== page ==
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Content and Intense Cooperation, not Technology, are Essential for Quality Outcomes in e-Learning
Book Contribution - Book Chapter Conference Contribution
The experiences with e-learning at the faculty of Medicine and Health sciences of Ghent University are evaluated in this paper. The aim is to delineate the conditions necessary for e-learning to bring quality improvement in education and knowledge acquisition. Since 2002 several digital logistics were introduced to improve the educational process. The print library was transformed into a full digital information system, constantly available on the web. Next to broad online journal access, e-Books now cover the entire curriculum. A wide variety of bibliographic and factual databases, a fast working interlibrary loan system, dissertations database, open access sources, institutional archive and academic bibliography, easy access to instructional materials, are all available for our users. The library space has changed in a digital study-platform with 160 desk top computers, 100 of which in a networked e-class. The digital course system offers on-line communication with and between educators and learners, and includes group collaboration possibility, Wiki and portfolio. Software programs are available using server-based computing.Despite the introduction of appropriate technology, its use is incomplete and the overall quality outcomes in knowledge acquisition seem limited. After six years of availability of all these digital auxiliaries, only a limited number of courses offer interactivity. The content of the learning platform is greatly limited to syllabi and PowerPoint presentations', the contact education is given primarily in class lectures and tutorials. Moreover we observe a limited use of the offered information resources and facilities. And above all, we have no single indication that our students acquire more knowledge. Two major factors relate to quality outcomes: content management and cooperation/collaboration. For both factors we list examples of activities which might promote the educational outcomes:1. Improvement of content management: Promote constantly resources and facilities, development of new educational digital resources, integrate digital resources in the curriculum, develop a (multi-centre?) archive of educational materials, constantly measure student workload (to avoid information overload), train the staff in the use of digital resources (students get formal education), develop alternative assessment methods2. Better cooperation: Integrate the materials over individual courses (recognition and booster effects), change the expectancies and attitudes of both educators and learners, create a team responsibility for education, improve technical support for the teaching staff in the construction of digital learning output, train the educators in e-course and e-evaluation design.e-Learning certainly has the potential of improving the quality outcomes of education, but this depends largely on content management, and more importantly, on human commitment to intensively collaborate and network between all participants in the learning process. Technology alone cannot produce any real beneficial effect on knowledge acquisition. Technology without added value is not worth the effort and investment.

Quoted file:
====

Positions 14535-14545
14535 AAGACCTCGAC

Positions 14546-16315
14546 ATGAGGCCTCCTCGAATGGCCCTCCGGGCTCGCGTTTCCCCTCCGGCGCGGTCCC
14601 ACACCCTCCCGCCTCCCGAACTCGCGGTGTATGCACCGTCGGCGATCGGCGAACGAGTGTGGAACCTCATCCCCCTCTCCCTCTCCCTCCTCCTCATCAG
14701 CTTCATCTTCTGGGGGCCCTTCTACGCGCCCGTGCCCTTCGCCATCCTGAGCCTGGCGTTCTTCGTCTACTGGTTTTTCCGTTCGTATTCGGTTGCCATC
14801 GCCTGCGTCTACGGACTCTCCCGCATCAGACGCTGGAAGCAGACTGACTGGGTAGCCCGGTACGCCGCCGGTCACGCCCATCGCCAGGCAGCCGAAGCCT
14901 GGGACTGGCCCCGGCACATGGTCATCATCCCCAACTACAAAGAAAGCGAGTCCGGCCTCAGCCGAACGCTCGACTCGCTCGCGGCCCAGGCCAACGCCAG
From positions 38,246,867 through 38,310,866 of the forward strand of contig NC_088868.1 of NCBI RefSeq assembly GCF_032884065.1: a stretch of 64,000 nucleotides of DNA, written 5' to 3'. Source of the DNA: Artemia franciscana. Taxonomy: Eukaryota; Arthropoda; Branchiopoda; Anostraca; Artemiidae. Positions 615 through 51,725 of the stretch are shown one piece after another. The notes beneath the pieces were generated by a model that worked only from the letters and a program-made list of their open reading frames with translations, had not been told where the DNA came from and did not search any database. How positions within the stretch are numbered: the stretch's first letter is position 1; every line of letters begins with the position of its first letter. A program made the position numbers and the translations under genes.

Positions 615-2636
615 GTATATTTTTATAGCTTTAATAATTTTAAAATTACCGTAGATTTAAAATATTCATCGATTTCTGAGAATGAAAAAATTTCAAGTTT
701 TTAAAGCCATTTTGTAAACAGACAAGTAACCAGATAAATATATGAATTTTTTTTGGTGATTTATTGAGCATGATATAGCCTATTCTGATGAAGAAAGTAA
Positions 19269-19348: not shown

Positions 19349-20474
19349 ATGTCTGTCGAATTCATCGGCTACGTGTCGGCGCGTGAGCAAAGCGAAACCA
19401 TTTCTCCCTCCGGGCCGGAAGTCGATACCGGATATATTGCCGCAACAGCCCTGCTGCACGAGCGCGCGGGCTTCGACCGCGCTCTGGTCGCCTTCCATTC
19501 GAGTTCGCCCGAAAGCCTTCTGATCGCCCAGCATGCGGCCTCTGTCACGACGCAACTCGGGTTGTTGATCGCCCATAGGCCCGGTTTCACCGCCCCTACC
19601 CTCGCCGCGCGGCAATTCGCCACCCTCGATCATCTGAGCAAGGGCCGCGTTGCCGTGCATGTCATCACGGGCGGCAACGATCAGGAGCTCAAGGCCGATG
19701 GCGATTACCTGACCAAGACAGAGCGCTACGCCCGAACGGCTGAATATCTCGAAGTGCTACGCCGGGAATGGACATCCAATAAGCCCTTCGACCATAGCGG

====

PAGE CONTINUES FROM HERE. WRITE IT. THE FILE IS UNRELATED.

Book: 7TH EUROPEAN CONFERENCE ON E-LEARNING, VOL 2
Pages: 616 - 622